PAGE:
Potential Candidates for Transcatheter Tricuspid Valve Intervention After TAVR

Quick Takes

  • This study set out to determine the prevalence of concomitant tricuspid regurgitation (TR) before and after TAVR, and its effects on outcomes.
  • More than 50% of patients with ≥ moderate TR at baseline had an improvement in TR post-TAVR, while a small proportion of patients (5-7%) had progression of their TR severity post-TAVR.
  • Post-TAVR TR that was severe or massive was associated with a two-fold increased risk of all-cause mortality compared to ≤ mild TR at 1 year.
  • Likewise, the 3% of patients who were eligible for transcatheter tricuspid valve intervention (TTVI) after TAVR had a two-fold increased risk of mortality at 1 year, as well as a higher risk of persistent heart failure symptoms (NYHA class III or IV).
  • This study suggests the need for prospective trials evaluating clinical outcomes following TTVI.

Study Questions:

What is the prevalence of concomitant tricuspid regurgitation (TR) before and after transcatheter aortic valve replacement (TAVR), and how does TR severity and eligibility for a transcatheter tricuspid valve intervention (TTVI) affect outcomes?

Methods:

Consecutive patients at a Swiss academic hospital with severe, symptomatic aortic stenosis were enrolled between 2007–2019 into a prospective TAVR registry. Patients with a history of prior TVI or with inadequate echocardiographic assessment of TR severity both pre- and post-TAVR were excluded. Comprehensive transthoracic echocardiography was performed, and the severity of TR was assessed based on current guidelines, relying predominantly on color flow jet area and vena contracta, with quantitative assessment of regurgitant orifice area when available. Severe TR was further divided into severe (vena contracta >0.7) and massive TR (vena contracta >0.92). Right ventricular (RV) function was assessed using tricuspid annular plane systolic excursion, S’, and fractional area change. After TAVR, patients were considered possible candidates for TTVI based on inclusion criteria of the TRILUMINATE trial (NCT03227757) requiring either moderate TR and New York Heart Association (NYHA) class ≥III, or severe/massive TR and NYHA class >II. None of these patients actually underwent TTVI.

Results:

Of the 2,641 consecutive patients enrolled in the registry, 2,008 met inclusion criteria. Of those, 82.6% had none to mild TR; 12.1% had moderate TR; 2.8% had severe TR; and 2.5% had massive TR at baseline prior to TAVR. More than 50% of patients with ≥ moderate TR at baseline had an improvement in TR post-TAVR, while a small proportion of patients (5-7%) had progression of their TR severity post-TAVR. Unlike TR severity at pre-TAVR, severe or massive TR post-TAVR was associated with a two-fold increased risk of all-cause death at 1 year (hazard ratio [HR], 2.17; 95% confidence interval [CI], 1.1-4.3 and HR, 1.9; 95% CI, 1.03-3.49, respectively), when compared to patients with ≤ mild TR at 1 year post-TAVR. Likewise, the 61 patients (3.1%) who were eligible for TTVI after TAVR had a similar two-fold increased risk of mortality at 1 year (HR, 1.93; 95% CI, 1.15-3.25), and higher risk of persistent heart failure symptoms (NYHA class III or IV) (relative risk, 2.80; 95% CI, 1.78-4.40).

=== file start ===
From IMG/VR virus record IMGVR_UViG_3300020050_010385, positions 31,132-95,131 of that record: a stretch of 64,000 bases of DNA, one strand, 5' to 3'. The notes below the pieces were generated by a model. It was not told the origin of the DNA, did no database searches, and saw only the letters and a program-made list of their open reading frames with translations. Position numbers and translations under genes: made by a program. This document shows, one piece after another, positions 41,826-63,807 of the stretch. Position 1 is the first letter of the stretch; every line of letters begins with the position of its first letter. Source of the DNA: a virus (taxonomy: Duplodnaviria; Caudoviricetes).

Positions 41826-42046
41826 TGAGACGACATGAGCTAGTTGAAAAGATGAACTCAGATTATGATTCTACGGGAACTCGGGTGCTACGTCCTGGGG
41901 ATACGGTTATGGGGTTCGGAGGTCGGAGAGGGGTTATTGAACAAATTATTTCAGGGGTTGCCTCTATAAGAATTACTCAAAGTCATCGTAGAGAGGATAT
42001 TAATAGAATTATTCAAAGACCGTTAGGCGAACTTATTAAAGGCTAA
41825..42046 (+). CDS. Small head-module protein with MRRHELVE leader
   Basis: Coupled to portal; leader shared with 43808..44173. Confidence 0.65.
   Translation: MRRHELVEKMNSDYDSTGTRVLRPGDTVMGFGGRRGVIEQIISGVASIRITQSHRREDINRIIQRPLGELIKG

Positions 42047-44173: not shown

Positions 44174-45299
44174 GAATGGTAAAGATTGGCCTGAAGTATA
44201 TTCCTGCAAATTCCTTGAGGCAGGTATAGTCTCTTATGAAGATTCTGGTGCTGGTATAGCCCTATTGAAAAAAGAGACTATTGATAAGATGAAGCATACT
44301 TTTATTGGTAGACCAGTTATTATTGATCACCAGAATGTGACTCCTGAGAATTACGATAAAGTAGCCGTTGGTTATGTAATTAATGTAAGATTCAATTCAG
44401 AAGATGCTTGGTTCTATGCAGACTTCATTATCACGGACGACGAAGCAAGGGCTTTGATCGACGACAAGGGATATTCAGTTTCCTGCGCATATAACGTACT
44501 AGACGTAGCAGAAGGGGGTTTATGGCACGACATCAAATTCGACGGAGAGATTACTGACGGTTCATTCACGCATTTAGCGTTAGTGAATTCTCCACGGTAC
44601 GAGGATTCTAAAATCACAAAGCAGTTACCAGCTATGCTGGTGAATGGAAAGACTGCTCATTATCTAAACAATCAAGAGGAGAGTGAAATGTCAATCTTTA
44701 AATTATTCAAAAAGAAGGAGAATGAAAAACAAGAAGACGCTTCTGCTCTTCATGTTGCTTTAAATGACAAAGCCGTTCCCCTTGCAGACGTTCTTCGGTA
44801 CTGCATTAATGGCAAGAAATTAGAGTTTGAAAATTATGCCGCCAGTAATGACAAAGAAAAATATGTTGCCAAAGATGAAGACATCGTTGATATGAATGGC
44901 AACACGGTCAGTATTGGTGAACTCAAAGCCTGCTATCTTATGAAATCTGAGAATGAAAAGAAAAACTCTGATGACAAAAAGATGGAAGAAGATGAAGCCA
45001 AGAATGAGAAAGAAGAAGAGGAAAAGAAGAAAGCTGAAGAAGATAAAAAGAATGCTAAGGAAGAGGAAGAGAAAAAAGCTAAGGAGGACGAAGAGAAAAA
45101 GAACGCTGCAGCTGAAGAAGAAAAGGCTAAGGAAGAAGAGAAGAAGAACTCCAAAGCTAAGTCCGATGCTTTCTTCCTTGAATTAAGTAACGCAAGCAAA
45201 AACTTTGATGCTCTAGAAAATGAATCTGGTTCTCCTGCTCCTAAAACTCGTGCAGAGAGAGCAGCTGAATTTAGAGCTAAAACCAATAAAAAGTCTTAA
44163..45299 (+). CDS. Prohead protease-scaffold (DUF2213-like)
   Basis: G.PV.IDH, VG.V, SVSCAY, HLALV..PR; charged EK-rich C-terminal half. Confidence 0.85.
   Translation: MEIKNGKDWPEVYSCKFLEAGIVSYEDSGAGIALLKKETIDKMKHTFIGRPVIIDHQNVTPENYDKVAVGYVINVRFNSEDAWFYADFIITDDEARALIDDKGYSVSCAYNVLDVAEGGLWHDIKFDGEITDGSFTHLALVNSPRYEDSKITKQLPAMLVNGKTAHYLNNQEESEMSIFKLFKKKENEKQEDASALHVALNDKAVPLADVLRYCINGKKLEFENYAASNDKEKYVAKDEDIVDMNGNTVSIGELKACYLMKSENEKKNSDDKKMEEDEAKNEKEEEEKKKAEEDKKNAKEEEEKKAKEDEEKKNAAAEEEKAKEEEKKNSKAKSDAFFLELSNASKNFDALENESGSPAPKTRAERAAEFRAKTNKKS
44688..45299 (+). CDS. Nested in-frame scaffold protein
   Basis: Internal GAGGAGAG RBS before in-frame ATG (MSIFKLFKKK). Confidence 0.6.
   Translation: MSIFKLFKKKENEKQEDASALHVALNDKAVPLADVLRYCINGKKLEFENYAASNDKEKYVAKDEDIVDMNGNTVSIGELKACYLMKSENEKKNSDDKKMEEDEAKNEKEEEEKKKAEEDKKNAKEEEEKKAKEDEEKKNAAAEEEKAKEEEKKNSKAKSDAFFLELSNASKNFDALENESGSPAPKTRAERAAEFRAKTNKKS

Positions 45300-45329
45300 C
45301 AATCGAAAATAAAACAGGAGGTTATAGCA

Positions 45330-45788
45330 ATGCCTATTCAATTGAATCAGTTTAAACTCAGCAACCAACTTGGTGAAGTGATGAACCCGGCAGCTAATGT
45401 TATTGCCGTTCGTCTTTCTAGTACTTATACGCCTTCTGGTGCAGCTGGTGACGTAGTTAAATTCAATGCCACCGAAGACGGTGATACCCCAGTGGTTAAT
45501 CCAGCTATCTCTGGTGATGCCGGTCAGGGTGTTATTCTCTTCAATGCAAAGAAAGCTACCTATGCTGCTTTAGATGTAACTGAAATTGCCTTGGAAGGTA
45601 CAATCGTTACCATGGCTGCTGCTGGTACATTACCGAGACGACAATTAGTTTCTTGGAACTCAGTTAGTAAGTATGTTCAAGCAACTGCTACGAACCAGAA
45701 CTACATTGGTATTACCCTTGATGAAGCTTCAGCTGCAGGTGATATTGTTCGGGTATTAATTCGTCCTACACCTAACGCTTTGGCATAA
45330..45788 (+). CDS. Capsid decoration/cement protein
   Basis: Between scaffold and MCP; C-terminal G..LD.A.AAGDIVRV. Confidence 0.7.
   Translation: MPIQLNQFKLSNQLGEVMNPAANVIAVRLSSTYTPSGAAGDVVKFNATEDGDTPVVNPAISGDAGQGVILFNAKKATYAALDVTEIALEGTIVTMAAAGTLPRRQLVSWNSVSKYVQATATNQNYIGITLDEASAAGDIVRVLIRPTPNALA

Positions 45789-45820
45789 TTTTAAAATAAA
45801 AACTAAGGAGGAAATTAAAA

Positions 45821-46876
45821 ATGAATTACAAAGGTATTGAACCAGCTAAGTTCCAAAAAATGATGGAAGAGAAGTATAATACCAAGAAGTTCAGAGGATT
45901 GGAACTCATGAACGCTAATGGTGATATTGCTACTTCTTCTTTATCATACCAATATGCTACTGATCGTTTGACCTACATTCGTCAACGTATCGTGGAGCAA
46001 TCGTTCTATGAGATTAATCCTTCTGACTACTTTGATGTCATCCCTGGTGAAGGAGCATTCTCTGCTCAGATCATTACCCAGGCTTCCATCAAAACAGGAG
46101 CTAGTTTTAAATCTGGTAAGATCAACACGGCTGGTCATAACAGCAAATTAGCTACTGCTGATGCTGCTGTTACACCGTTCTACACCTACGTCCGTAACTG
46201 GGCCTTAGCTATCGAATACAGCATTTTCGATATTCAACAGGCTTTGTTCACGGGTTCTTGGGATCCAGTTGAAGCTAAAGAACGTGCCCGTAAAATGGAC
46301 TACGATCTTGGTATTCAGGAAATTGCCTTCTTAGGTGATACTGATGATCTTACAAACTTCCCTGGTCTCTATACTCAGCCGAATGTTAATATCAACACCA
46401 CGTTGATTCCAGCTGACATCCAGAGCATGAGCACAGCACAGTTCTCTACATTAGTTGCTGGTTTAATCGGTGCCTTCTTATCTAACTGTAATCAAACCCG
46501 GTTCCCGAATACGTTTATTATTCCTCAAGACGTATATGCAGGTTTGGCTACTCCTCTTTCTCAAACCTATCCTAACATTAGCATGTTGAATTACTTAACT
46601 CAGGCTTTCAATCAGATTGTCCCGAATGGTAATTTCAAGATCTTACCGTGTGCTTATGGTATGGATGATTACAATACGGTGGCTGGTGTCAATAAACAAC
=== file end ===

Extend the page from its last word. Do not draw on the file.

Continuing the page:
Conclusions:

  • More than 50% of patients with ≥ moderate TR at baseline had an improvement in TR post-TAVR, while a small proportion of patients (5-7%) had progression of their TR severity post-TAVR.
  • Unlike TR severity pre-TAVR, post-TAVR TR that was severe or massive was associated with a two-fold increased risk of all-cause compared to ≤ mild TR at 1 year.
  • Likewise, 3% of patients who were eligible for TTVI after TAVR had a similar two-fold increased risk of mortality at 1 year, as well as a higher risk of persistent heart failure symptoms (NYHA class III or IV).

Perspective:

Current guidelines indicate a Class I, Level of Evidence B recommendation for concomitant tricuspid valve surgery for patients with severe TR undergoing surgical AVR. However, there are no current recommendations for the management of TR in patients undergoing TAVR. Given the rapidly expanding use of TAVR, as well as the evolving ability to perform TTVIs, there is a need for clinical data to help guide optimal treatment strategies for concomitant TR in patients undergoing TAVR. This study suggests that >50% of patients had an improvement in their TR post-TAVR, while only a small portion (5-7%) of patients had progression of their TR. Why this progression occurs is probably driven by alternative mechanisms for the TR, such as underlying pulmonary hypertension and RV dysfunction, which are not reversible following relief of the aortic stenosis. This study nicely sets the stage for further prospective trials studying whether an actual TTVI improves clinical outcomes. However, it should be noted that in this study, the candidacy for TTVI was based only on the degree of TR and NYHA functional class, and not on anatomic suitability for a TTVI, which may limit the pool of patients actually able to undergo such a procedure.

Clinical Topics: Cardiac Surgery, Cardiovascular Care Team, Heart Failure and Cardiomyopathies, Invasive Cardiovascular Angiography and Intervention, Noninvasive Imaging, Pulmonary Hypertension and Venous Thromboembolism, Valvular Heart Disease, Aortic Surgery, Cardiac Surgery and Heart Failure, Cardiac Surgery and VHD, Acute Heart Failure, Pulmonary Hypertension, Interventions and Imaging, Interventions and Structural Heart Disease, Echocardiography/Ultrasound

Keywords: Aortic Valve Stenosis, Cardiac Surgical Procedures, Cardiology Interventions, Diagnostic Imaging, Echocardiography, Heart Failure, Heart Valve Diseases, Hypertension, Pulmonary, Risk, Transcatheter Aortic Valve Replacement, Tricuspid Valve Insufficiency


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